Megan Boshuyzen, Sr. Email Developer, Sinch

An inaccessible email will lead to lower overall engagement while alienating certain subscribers. However, when you improve email accessibility, it makes the inbox experience better for everyone – not just people with disabilities.

Quick tips to improve email accessibility:

  • Choose a legible font with a minimum size of 16 px.

  • Add alternative (alt) text for all important images in emails.

  • Use <h> tags for subheadings to support screen readers and keyboard navigation.

  • Note: Mailjet’s templates are preformatted with <h> tags and you can easily format your own as you would in any text editor – no coding necessary.

  • Never send image-only emails. Always use live text for key information and calls to action.

  • Evaluate the color contrast of email designs for accessibility.

Many of the steps above are easy to implement, and they’ll go a long way towards making your emails more accessible. These improvements are a worthy investment. Email accessibility makes it easier for people of all abilities to read, understand, and engage with what you send. That means more clicks and a better email ROI. But addressing accessibility also shows your brand cares about all subscribers’ needs.

Resources that can help:

When you improve email accessibility, it makes the inbox experience better for everyone – not just people with disabilities.

Email marketing teamwork and processes

Inbox Insights 2023 found that nearly half of the senders we surveyed say their teams can launch a new email campaign in less than a week. But the size of your team makes a difference.

Results show 70% of one-person email teams can launch a campaign in less than a week while larger organizations definitely tend to take longer. We found similar results when comparing small business email marketers to enterprise email teams. There are certainly benefits to being small.

It’s easier to keep things moving when you’re a one-person email team. But as you get into bigger groups and take on bigger email marketing projects, responsibilities are divided, reviews and approval slow things up, and communication can break down. So how can you stay agile as a business grows and the number of people involved in email marketing does too?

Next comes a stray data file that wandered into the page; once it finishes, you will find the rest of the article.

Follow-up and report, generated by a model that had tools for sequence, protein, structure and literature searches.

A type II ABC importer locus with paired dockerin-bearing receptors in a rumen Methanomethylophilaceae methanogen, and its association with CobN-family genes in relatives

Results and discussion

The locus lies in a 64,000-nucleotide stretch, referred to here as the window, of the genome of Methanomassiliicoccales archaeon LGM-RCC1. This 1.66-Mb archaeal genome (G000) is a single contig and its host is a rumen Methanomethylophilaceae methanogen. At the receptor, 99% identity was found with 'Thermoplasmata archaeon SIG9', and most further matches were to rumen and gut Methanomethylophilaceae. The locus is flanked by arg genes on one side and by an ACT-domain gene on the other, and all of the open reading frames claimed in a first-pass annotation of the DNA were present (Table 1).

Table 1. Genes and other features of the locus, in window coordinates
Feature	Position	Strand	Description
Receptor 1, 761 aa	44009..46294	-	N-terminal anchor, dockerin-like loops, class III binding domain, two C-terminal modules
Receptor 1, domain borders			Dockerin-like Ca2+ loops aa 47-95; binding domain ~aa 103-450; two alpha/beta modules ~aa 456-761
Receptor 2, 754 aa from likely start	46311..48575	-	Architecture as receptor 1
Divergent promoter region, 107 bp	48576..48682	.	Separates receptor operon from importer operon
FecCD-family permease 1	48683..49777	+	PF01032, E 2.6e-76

The email production process gets smoother, faster, and more flexible when you introduce an email design system. Think of it as building emails with reusable pieces or blocks, much like you’d put together a Lego set with bricks of different shapes and colors. This system gives you the opportunity to define the ways your team addresses email design challenges. Plus, it makes it easier for designers and developers to follow brand guidelines, which 22% of our survey respondents called a top challenge.

We found that nearly 20% of email teams aren’t using a design system at all while another 38% only use a system some of the time and 5.7% aren’t sure what their email design process is.

Email design system pie chart

Our survey also revealed that 82.5% of email teams that launch an email in less than a week are using an email design system. That includes plenty of one-person email teams, and it shows how having defined processes for email marketing boosts efficiency no matter your size.

Find out how the team from Sinch Email built a component-driven email design system that works with four different brands and multiple languages. You can also watch an Email Camp 2022 session in which Megan Boshuyzen and Avi Goldman of explain why this approach is the future of email creation.

Find tools to tackle email design challenges

You may be the smartest email marketer this side of the equator. But if you’re working with tools and technology that fall short of your needs and expectations, the success of your strategy will suffer. A carpenter with a high-powered nail gun is going to work faster and better than a guy with a rusty hammer.

That’s probably why 19.5% of senders say Insufficient tools are one of their top three email design and development challenges. What’s in your email marketing toolbox? If you need an email service provider (ESP) that goes beyond the basics but is still easy to use, give Sinch Mailjet a try.

Options from Mailjet's email editor to create tailored emails, suited to your needs.

Bring your ideas to life with our versatile Email Editor. It gives you the option of using pre-designed templates, building original campaigns with drag-and-drop functionality, or using your own email code.  Play around with our demo to see how it works.

Once you’ve designed and built an email using Sinch Mailjet, you can see how it renders on dozens of clients and devices before you hit send with Email Previews. Plus, use our platform to A/B test email designs and discover what really works.

Get going and start sending with Mailjet for free. Upgrade as you grow.